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"At the moment, we have leaders in this country who care more about the short-term profits of big corporations than they do about the long-term well-being of the average working man and woman." - R.T. Buffenbarger, IAMAW President, AFL-CIO/CLC

Wednesday, Feb 21:

A state law was enacted in California providing the 8-hour day for most workers, but it was not enforced. Companies capitalized on the lack of enforcement and workers had no choice but to work 12–18-hour days to maximize corporate profits. -1868

United Farm Workers of America was granted a charter by the AFL-CIO. UFWA is a labor union created from the merging of two groups, the AWOC, and the NFWA led by César Chávez. The group was originally a workers' rights organization that helped workers get unemployment insurance but rapidly became a union of farm workers. -1972

Thursday, Feb 22:

Representatives of the Knights of Labor and the United Mine Workers meet in St. Louis with 20 other organizations to plan the founding convention of the People’s Party. Objectives: end political corruption, spread the wealth, and combat the oppression of the rights of workers and farmers. -1892

Education Secretary Paige calls the nation’s largest teachers Union, National Education Association (NEA), a “terrorist organization” during a White House meeting with state governors. At the same time, the Bush administration asserted the right to imprison citizens indefinitely without trial or access to lawyers, family members, or journalists, if they are accused of being terrorists. -2004

Friday, Feb 23:

The Journeyman Bakers’ National Union receives its charter from the American Federation of Labor. -1887

The Association of Flight Attendants was granted a charter by the AFL-CIO. -1984

Following voter approval for the measure in 2003, San Francisco’s minimum wage rose to $8.50, up from $6.75. Their whole economy improves as a result. -2004

Saturday, Feb 24:

IWW organizer Elizabeth Gurley Flynn takes the lead in the "Bread & Roses" Lawrence Textile Strike of 20,000 women in Lawrence, Massachusetts. Police attacked 150 children and women at the town railroad station to protect company profits. The women and girls were fighting to lower their work hours to 54 hours a week and were protesting low wages and work speedups. Women who worked in the mills had a life expectancy of fewer than 30 years, and most died of respiratory ailments caused by the hazardous working conditions. -1912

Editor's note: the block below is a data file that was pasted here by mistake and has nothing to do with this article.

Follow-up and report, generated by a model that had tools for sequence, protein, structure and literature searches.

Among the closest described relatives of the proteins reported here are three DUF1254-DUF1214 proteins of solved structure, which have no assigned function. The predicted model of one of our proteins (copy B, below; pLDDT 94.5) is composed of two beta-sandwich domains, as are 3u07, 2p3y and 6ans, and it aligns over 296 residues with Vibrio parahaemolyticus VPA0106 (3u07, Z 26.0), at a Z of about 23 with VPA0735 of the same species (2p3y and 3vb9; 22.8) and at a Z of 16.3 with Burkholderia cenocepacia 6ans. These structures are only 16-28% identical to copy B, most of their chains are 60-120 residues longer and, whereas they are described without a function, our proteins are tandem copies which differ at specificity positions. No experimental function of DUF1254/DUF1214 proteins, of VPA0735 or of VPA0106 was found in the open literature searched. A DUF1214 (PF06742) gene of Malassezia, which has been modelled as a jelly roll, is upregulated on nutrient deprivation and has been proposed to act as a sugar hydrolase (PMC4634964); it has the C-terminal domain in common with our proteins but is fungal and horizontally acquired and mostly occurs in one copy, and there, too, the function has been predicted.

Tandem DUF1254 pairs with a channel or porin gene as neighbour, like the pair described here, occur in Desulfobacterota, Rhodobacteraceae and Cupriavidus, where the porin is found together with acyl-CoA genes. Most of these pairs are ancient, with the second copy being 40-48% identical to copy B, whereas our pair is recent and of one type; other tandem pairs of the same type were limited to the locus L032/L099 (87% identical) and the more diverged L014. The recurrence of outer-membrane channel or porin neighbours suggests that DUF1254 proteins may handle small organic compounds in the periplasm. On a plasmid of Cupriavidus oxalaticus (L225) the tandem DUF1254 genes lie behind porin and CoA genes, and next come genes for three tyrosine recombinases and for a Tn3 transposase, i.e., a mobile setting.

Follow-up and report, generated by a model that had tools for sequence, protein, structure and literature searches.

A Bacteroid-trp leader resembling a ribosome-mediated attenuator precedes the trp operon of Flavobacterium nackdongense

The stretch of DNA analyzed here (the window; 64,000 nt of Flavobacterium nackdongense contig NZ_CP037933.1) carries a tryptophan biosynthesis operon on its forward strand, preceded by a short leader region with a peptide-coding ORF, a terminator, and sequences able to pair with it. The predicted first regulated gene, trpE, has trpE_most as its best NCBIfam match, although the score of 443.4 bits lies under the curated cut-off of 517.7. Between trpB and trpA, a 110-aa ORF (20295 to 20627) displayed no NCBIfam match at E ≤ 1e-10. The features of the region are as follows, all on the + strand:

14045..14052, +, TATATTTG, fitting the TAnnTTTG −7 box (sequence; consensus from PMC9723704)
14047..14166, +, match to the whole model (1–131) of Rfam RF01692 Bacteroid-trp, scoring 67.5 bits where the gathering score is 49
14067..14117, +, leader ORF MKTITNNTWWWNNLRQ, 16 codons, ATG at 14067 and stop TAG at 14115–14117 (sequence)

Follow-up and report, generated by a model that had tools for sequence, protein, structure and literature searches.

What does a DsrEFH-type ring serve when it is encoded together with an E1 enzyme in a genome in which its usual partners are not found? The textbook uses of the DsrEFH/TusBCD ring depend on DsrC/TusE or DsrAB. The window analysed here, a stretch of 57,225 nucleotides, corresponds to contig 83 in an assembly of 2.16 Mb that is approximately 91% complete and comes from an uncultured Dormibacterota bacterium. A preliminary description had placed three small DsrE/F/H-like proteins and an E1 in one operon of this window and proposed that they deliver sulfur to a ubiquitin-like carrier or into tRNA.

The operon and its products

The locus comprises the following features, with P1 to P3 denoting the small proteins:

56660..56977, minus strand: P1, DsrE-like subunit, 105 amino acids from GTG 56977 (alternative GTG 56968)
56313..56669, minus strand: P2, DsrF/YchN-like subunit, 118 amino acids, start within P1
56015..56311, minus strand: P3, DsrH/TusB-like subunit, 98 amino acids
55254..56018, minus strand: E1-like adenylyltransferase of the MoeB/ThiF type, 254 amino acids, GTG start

Congress passed a federal child labor tax law that imposed a 10 percent tax on companies that employ children under the age of 16 working in a mine or under the age of 14 in a “mill, cannery, workshop, factory, or manufacturing establishment.” The Supreme Court ruled the tax was unconstitutional 3 years later making child labor profitable for the capitalists again. -1919

Sunday, Feb 25:

The Paterson, New Jersey silk strike began, with 25,000 textile workers walking out when mill owners doubled the size of the looms without increasing staffing or wages. The strike was organized by the Industrial Workers of the World (IWW) but collapsed when mill owners exploited divisions between skilled and unskilled workers, successfully getting the skilled workforce to agree to return to work. 5 strikers were killed on behalf of the mill owners in order to protect low wages and profits during the 208-day walkout. -1913

A crowd of 100,000 strong rallied at the Wisconsin state Capitol in protest of what ultimately was to become a successful push by the Koch-backed Gov. Walker and the Republican majority to cripple public employee bargaining rights in order to crush the union. The Republican’s anti-worker/pro-business “Free Market” solution put Wisconsin in a race to the bottom, turned a budget surplus into a $2.2 Billion deficit, and cut all public services and spending on education. Wisconsin, a “right to work” state, became last in the nation for growth. -2011

Monday, Feb 26:

A coal slag heap doubling as a dam (to save costs) in West Virginia’s Buffalo Creek Valley collapsed, flooding the 17-mile-long valley. 118 died, and 5,000 were left homeless. The Pittston Coal Co. said it was "an act of God" and claimed no responsibility.  -1972

A 20-week strike by 70,000 Southern California supermarket workers ended, with the union claiming victory. -2004

Tuesday, Feb 27:

Legendary Labor leader Eugene V. Debs became a charter member and secretary of the Vigo Lodge, Brotherhood of Locomotive Firemen. 5 years later he led the union and in 1893 helped found the nation’s first industrial union, the American Railway Union. He was known as “brilliant, sincere, compassionate, and scrupulously honest”. He helped launch the Industrial Workers of the World (IWW). A man of firm beliefs and dedication, he ran for President of the United States 5 times under the banner of the Socialist Party. -1875

Mine disaster kills 75 at Red Lodge, Montana. Company profits came before worker safety and the miners died by fire. -1943

This Week in Labor History is compiled by Kevin D. Curtis